While many trendy yoga disciplines have helped popularize the mind-body system lately, it has in some cases been to the detriment of cash-strapped enthusiasts. Certain yoga varieties emphasize buying the right yoga meditation supplies over pursuing mental and physical well-being.
This phenomenon may be one reason why the yoga industry is expected to make billions in 2011. According to an IBISWorld Market Research report, yoga-associated revenues will hit $3.3 billion this year.
However, much of this money has little to do with the honorable tradition of learning – and eventually, teaching – the holistic system. The Bloomberg news organization calculated that the average female enthusiast may spend around $700 per year on yoga clothes, mats and other deluxe gear.
Such expenditures are hardly necessary. The best yoga regimens urge participants to stick to the basics – namely, a loose, long-sleeved shirt and a pair of natural-fiber pants. The rest they can jettison, since it does little more than drain their pocketbook.
Likewise, savvy yoga practitioners can hunt up good deals. Try searching for yoga books online, and purchase meditation DVDs that stick to the essentials rather than dazzling you with celebrity faces.
Sure, yoga is good for the mental and physical well-being of a typical, healthy American adult, but what about those who have just recovered from a severe illness like breast cancer? Can yoga help convalescing patients learn chronic pain management?
According to numerous studies, it can. Yoga stretching benefits not only the hale and disease-free but those who are in treatment for or recovering from breast cancer.
A report published in the journal Integrative Cancer Therapies announced that breast cancer patients who practice yoga during their radiation therapy regimens tend to have higher levels of cortisol and better overall mood levels, compared to women who did not utilize the holistic system.
Another study, this one appearing in the journal Psycho-Oncology, noted that a 10-week yoga program helped breast cancer survivors improve their emotional affect and reduce fatigue.
Yet another paper found that yoga appears to give social and spiritual well-being a boost. Published in the Journal of Clinical Oncology, the report focused on women who had received chemotherapy for breast cancer.
That said, the authors noted that yoga appeared to improve mood and quality of life even among cancer survivors who had not undergone chemotherapy, indicating the versatility of the mind-body regimen.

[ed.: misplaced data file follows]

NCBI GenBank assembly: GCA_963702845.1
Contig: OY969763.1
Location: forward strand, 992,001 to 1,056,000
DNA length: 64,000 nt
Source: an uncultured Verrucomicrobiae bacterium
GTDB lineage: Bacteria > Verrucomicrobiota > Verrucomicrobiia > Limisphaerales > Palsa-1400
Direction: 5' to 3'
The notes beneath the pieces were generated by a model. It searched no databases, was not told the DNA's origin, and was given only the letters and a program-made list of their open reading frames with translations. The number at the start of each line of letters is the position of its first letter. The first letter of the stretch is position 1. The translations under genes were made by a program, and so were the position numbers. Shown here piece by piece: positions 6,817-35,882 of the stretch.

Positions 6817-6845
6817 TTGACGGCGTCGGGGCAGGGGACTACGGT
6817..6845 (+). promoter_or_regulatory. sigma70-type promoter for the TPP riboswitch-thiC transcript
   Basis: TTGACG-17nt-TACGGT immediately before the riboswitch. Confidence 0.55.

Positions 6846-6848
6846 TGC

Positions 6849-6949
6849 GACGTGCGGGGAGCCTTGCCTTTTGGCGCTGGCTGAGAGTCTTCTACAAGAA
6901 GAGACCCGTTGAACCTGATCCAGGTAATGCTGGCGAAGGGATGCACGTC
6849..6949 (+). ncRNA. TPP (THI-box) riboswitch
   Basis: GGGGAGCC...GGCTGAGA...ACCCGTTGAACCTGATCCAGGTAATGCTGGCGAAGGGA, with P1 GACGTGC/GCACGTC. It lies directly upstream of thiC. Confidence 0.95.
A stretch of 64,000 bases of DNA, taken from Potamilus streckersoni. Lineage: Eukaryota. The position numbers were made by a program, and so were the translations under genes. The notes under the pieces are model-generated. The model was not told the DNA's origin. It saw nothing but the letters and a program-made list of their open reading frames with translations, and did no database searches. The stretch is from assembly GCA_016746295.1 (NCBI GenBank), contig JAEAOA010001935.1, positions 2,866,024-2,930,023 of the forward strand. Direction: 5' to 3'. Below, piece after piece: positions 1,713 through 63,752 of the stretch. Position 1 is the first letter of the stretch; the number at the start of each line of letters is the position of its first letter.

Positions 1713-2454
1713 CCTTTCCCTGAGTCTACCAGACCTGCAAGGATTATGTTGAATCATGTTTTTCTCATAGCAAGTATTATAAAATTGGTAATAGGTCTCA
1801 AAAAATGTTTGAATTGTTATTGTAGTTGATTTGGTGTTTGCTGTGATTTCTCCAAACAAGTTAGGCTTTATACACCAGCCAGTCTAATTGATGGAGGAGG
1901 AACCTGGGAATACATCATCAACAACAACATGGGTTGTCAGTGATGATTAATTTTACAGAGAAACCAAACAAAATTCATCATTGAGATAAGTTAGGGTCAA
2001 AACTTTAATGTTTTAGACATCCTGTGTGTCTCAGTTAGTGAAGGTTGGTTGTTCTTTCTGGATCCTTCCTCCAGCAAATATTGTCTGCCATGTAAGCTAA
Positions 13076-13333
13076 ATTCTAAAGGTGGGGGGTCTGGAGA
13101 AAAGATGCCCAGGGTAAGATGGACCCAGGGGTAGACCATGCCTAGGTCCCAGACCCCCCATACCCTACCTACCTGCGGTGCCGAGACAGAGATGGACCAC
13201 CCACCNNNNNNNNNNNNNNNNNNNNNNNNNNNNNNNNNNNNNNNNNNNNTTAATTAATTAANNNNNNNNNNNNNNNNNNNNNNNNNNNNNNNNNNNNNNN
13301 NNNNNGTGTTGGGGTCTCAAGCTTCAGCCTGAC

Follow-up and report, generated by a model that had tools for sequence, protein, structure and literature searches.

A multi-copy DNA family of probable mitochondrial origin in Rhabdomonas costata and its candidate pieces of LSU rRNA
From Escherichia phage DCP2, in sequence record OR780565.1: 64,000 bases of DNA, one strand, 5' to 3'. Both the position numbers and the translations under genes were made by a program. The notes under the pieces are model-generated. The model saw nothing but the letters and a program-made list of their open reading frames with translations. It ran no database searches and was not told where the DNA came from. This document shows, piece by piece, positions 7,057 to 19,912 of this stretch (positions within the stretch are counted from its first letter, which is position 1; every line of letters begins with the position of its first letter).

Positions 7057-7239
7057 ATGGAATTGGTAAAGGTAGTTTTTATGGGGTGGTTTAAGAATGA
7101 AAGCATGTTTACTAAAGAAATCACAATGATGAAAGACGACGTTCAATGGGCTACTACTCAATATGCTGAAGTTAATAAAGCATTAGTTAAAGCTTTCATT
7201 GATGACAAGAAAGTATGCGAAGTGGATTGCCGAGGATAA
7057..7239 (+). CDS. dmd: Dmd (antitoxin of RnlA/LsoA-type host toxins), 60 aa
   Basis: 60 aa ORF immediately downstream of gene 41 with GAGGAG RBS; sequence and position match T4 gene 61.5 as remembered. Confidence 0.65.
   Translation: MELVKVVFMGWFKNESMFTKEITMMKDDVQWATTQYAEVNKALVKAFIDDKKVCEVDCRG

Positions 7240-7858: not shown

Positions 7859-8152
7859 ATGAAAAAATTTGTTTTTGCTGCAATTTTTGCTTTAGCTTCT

Reading yoga books for beginners and practicing the gentle maneuvers may be a reliable way to get healthier, particularly in light of a popular CNN article that suggests that taking supplements may not be as beneficial to one's well-being as previously reported. While most Americans know that exercising and eating a nutritious diet are key to striving for their full potential, it may come as a surprise to those who supplement their food intake with multivitamins that this practice could actually be detrimental.
A recent study published in the journal Archives of Internal Medicine reported that nutrients like iron, folic acid, vitamin B6, magnesium, zinc and copper have been associated with a mildly increased risk of earlier death, particularly among older women.
"Taking more of what we think is a good thing may not be so good," said researcher Susan Fisher from the University of Rochester Medical Center, quoted by CNN. "High levels of nutrient supplements may be harmful, or at least not helpful."
She and her team emphasized that further investigation is needed before a definite conclusion is made. Meanwhile, American women may want to continue eating a healthy diet and engaging in an exercise like yoga. Throughout the history of yoga meditation, the holistic regimen has been shown to improve many enthusiasts' physical, mental and emotional well-being.
So you're starting yoga. Congratulations! Whether you've joined a class at a local community center or purchased a DVD for at-home use, expect good things from this ancient mind-body regimen. For millennia, yoga meditation for beginners has been helping people relax, unwind and center themselves.
Where do you get started? Here's a list of yoga meditation supplies that you may consider collecting prior to getting underway.
1. A mat. While padding is not required, you may find that sitting on a hard floor hurts your backside a bit. Yoga mats come in all shapes, sizes and colors. Don't spend more than you have to on one. Remember: it's padding only.
2. A uniform. Believe it or not, clingy yoga pants and tops can hinder your ability to relax and stay cool during meditation. It's best to stick with a uniform-like set of long pants and a loose, long-sleeved shirt or wrap. Preferably, these should be dyed white and fashioned from light, all-natural fabrics.
3. Initiative. It costs and weighs nothing, but it's essential for success. You'll need more than the right clothes to succeed in yoga. Half the battle is being open to change and transformation – physically, mentally and spiritually.